The Miami Heat will enter the 2013-2014 NBA season as the favorites to win it all. They’ve won two championships in a row and will enter next season with a nearly carbon-copy version of their roster from last season.
While that entails that all of the greats — LeBron James, Dwyane Wade, Chris Bosh and Ray Allen are all going to be in South Beach — it also means that those players and the rest of the supporting cast will be one year older. The Heat struggled to maintain the health of their older players through most of last season, notably Wade and his troublesome knees which cost him 13 games in the regular season and the ability to play well in the playoffs. (Wade avoided offseason knee surgery and is hoping that rest will cure his knees.)
James will turn 29 this season and is playing better than he has ever played. That alone makes the Heat title contenders. But if Wade, Bosh and Allen continue declining at last season’s rate, the Heat could end up looking like the Cavaliers during James’s tenure. Teams in the West like the Los Angeles Clippers and the Oklahoma City Thunder represent serious threats to challenge the Heat in the finals, and are both younger and more prepared for success than they were in previous seasons.
But getting to the finals alone might be a challenge for the Heat. In the East, the Pacers are a year more experienced (which is different than just being a year older). Their best player, Paul George, is only 23 and on the brink of superstardom. He and center Roy Hibbert, who is only 26, represent a scary young duo alongside veterans David West and forward sharpshooter Danny Granger. The Pacers added New York Knicks rookie Chris Copeland to the mix via free agency this offseason, and he could be pivotal off the bench. Already boasting one of the biggest teams in the NBA, the Pacers also added power forward Luis Scola to the mix to spare West and Hibbert. The Pacers have put together a squad that is strongest with its younger players and plentiful with its veterans.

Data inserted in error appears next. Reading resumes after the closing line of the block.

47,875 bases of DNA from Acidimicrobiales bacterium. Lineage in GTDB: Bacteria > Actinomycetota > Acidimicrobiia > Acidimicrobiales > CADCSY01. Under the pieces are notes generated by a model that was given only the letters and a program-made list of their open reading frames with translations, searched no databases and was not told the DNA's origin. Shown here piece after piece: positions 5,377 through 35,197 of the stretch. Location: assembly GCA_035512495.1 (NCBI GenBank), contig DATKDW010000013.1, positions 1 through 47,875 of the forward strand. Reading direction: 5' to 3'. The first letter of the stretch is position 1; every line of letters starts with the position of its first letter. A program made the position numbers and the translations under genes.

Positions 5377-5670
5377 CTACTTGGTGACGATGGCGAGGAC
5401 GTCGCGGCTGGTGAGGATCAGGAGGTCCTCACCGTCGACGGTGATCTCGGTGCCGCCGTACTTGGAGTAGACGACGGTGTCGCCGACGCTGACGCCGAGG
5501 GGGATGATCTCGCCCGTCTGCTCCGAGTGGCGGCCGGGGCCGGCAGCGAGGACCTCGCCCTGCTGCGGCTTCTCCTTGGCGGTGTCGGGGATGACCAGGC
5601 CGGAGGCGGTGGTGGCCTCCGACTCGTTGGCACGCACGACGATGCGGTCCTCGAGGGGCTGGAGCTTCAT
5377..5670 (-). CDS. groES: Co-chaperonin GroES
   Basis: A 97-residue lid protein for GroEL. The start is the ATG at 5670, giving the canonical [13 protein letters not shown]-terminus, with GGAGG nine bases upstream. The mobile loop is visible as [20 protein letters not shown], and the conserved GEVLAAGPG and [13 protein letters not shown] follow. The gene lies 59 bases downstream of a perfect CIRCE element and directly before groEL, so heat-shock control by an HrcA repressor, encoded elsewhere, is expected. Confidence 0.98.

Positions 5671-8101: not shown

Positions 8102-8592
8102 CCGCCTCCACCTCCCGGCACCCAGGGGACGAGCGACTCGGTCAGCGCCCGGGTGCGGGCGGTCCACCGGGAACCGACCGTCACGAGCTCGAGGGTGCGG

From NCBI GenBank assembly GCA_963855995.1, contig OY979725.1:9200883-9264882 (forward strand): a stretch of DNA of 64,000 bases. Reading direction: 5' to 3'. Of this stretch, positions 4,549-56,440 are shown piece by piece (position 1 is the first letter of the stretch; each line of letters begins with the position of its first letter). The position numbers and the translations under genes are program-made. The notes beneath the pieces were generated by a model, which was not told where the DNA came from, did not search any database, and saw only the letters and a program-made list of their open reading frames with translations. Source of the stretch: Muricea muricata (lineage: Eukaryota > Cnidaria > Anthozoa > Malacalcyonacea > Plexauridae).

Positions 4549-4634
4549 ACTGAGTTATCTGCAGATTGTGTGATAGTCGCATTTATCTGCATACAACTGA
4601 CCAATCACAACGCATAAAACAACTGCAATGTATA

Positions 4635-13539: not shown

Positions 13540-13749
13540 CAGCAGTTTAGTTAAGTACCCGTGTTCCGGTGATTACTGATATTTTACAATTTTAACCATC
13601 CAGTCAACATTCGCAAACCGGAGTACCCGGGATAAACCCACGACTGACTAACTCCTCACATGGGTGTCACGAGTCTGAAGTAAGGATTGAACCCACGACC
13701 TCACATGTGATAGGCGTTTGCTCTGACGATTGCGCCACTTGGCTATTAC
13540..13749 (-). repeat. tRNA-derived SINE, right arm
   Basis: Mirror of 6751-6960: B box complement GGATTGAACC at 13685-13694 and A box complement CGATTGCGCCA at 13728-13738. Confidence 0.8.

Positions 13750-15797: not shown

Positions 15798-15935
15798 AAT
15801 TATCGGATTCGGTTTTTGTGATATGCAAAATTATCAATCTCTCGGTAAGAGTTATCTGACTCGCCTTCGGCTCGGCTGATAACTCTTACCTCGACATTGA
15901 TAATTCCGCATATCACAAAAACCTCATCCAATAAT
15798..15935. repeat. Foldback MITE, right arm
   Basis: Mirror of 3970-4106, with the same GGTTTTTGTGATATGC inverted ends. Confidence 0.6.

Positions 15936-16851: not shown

For the Heat, not so much. Chris Bosh will turn 30 this year and Wade 32. Not old by NBA terms, but they’ve either struggled to elevate their play alongside James (Bosh) or have been too injured to make an impact (Wade) when James isn’t on his game. Ray Allen, who just turned 38, was pivotal off the bench last season and could be relied on even more next season. The Heat lost Mike Miller, whom they needed to cut through the amnesty provision for financial purposes, and this has left Allen as their strongest weapon from the perimeter. The Heat struggled with size last year, lacking a true big man. Udonis Haslem represented their best option in the frontcourt before their surprisingly successful signing of Chris Andersen. The two will both be back next season, but Haslem is 33 and was unimpressive for most of last season, and Andersen is 35 and will need to prove that his impressive half-season stint with the Heat wasn’t a fluke. Forward Shane Battier will enter next season at the age of 35, and will be given the task of guarding some of the games best offensive players — a tall order.
The Heat made only two additions in the offseason. Former first overall pick Greg Oden was signed to help fortify the frontcourt. But his making an impact on the court for the Heat is as likely as him never playing in a single game. He hasn’t played in the NBA in over three years. The Heat also picked up James Ennis with the 50th pick in the NBA draft. He will be at the end of the bench every single game of the season.
With James on their team, the Heat are championship favorites. But as was the case during his days in Cleveland, James could be troubled leading the Heat by himself next season. With the rest of the NBA building around their youth and putting together pairings of all-stars, the Heat might not have the most impressive roster in the NBA anymore — and the possibility of a three-peat possibility is in doubt.